"Stephen", one of the two lions in rainbow colors to show support for the LGBT (lesbian, gay, bisexual and transgender) community, is newly displayed at HSBC's main branch in Hong Kong, China December 7, 2016. REUTERS/Bobby Yip - RTSV0JS

In 2014, Hong Kong immigration officer Leung Chun-kwong married his partner of about a decade in New Zealand, where same-sex marriage had become legal the previous year. On Friday, a High Court judge in Hong Kong, which doesn’t recognize same-sex marriages, said that Leung’s husband was entitled to the same benefits available to the spouses of heterosexual employees of the civil service, the South China Morning Post reported over the weekend.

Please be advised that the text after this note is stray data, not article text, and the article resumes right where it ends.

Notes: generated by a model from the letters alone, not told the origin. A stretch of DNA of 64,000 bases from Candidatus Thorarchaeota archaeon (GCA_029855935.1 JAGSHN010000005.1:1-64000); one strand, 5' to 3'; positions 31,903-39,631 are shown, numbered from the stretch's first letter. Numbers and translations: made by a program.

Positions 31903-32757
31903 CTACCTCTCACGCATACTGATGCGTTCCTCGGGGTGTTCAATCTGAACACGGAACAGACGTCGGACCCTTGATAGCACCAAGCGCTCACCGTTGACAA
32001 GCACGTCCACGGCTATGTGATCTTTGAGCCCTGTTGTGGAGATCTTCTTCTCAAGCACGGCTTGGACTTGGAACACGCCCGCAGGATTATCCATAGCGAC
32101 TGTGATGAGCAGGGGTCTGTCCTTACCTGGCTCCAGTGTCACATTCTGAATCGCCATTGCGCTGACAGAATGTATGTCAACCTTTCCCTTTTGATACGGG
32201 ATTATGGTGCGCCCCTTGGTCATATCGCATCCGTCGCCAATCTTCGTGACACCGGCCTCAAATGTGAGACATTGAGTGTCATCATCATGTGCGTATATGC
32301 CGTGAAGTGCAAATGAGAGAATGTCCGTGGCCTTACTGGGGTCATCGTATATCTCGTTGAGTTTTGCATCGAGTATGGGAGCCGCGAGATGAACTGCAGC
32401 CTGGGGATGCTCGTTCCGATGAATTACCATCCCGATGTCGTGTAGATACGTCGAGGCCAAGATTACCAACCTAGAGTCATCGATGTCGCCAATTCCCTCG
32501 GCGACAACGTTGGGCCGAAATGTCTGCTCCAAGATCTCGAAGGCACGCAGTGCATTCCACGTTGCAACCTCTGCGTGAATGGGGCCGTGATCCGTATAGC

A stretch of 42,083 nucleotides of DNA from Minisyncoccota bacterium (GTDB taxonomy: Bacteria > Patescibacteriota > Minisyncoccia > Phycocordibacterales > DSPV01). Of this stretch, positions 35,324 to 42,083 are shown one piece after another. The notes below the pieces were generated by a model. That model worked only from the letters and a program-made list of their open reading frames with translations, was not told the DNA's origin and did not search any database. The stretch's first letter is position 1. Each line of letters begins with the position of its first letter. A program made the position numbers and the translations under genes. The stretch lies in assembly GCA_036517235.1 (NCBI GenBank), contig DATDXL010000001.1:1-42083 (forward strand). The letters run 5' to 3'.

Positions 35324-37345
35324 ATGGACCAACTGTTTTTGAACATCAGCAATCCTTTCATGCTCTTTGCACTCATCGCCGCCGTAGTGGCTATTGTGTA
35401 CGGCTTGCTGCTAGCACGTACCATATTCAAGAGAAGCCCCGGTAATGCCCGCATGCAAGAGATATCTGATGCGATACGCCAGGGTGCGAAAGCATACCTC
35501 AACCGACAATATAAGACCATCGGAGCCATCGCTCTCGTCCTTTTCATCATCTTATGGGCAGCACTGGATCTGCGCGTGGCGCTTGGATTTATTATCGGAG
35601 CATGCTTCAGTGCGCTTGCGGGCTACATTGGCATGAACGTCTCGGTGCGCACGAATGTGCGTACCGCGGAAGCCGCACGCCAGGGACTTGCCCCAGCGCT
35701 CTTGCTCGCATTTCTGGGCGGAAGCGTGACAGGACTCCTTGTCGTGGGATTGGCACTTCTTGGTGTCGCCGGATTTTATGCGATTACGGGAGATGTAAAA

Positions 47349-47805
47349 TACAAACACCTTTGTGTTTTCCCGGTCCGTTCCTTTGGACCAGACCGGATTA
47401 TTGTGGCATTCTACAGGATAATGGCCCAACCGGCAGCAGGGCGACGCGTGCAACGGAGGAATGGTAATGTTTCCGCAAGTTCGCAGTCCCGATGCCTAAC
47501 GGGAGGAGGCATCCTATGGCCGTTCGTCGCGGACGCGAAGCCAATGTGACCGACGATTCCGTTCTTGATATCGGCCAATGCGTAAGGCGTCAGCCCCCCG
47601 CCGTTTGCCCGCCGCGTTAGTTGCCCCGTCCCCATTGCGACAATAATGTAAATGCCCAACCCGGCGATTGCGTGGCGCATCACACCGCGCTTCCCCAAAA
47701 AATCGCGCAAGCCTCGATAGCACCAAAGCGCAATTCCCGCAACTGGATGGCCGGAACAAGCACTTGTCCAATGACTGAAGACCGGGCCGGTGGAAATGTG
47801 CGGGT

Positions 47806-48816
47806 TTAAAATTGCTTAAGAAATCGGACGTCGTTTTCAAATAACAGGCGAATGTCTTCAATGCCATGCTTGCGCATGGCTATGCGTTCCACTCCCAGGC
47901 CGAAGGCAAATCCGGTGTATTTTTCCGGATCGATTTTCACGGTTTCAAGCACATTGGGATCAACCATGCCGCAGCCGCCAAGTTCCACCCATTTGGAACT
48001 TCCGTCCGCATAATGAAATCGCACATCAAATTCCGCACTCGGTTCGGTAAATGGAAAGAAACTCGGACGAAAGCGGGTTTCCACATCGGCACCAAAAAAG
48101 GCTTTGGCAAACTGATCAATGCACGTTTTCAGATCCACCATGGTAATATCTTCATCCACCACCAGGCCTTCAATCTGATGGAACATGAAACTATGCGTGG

The judge disagreed with the civil services’ stance that extending the benefits would undermine the integrity of marriage in Hong Kong, the Post reported. A lawyer for Leung said the decision was a major one—an instance of “rare judicial recognition” of lesbian, gay, bisexual, and transgender (LGBT) rights in the city.
Hong Kong hasn’t exactly been a beacon on that front in Asia. Although same-sex relations are legal, same-sex partners aren’t allowed dependent visas to accompany their spouses and their relationships …
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